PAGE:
|Back to April Ed Reporter|
|NUMBER 219||THE NEWSPAPER OF EDUCATION RIGHTS||APRIL 2004|
|Study Finds High School Diploma Is Largely Meaningless|
|Better Standards Needed to Prepare Students|
The project's two-year review of education in five states found that more than half of high school graduates need remedial classes in college, and most who attend college never obtain a four-year degree. Employers rated high school graduates as "fair" or "poor" on basic abilities.
High school exit exams required by nearly half the states fail to measure what matters to colleges and employers, the study concludes. Such exams "generally assess 8th- or 9th-grade content."
The report, entitled "Ready or Not: Creating a High School Diploma That Counts," analyzed employment data and research involving college faculty, business managers and high school educators in Indiana, Kentucky, Massachusetts, Nevada and Texas. Participants included former top education officials from the Reagan and Clinton administrations. The William and Flora Hewlett Foundation provided a $2.4 million grant to fund the project, which is sponsored by Achieve Inc., the Education Trust, and the Thomas B. Fordham Foundation.
States should raise their education standards to require graduates to master more English and math, the report argues. Currently, every state but Iowa has academic standards for what high school students should learn, but the report contends that those standards are not geared to what is essential for success after high school.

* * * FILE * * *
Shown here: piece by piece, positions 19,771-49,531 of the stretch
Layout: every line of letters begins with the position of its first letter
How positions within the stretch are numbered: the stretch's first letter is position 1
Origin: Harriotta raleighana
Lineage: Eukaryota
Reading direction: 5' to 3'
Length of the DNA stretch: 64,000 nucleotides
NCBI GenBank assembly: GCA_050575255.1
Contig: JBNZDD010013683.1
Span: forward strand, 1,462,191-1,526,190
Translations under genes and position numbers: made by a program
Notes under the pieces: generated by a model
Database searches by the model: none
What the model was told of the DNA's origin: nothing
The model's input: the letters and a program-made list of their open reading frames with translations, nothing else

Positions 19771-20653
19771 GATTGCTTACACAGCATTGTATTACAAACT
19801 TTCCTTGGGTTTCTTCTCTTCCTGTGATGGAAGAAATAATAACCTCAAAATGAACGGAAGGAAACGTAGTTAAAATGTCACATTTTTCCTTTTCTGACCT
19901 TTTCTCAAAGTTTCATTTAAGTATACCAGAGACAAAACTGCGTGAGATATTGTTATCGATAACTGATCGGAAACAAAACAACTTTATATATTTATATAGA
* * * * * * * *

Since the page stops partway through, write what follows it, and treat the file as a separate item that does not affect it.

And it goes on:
In English, the project specifically calls for mastery of spelling and grammar, communications skills, writing, research and logic, as well as the ability to read and interpret documents with technical material, to view the media critically and to understand and analyze literature. In math, the report calls for mastery of numerical operations, algebra, geometry, data interpretation, statistics and probability.
Employers and postsecondary institutions "all but ignore the diploma, knowing that it often serves as little more than a certificate of attendance," the report charges. It recommends that the National Assessment of Educational Progress test given in 12th grade be realigned based on new, tougher standards.
The study found that while both employers and college professors emphasized English skills, they emphasized different mathematical skills. Employers stressed the importance of accounting, budgeting and data analysis, which were given less weight by college faculty members.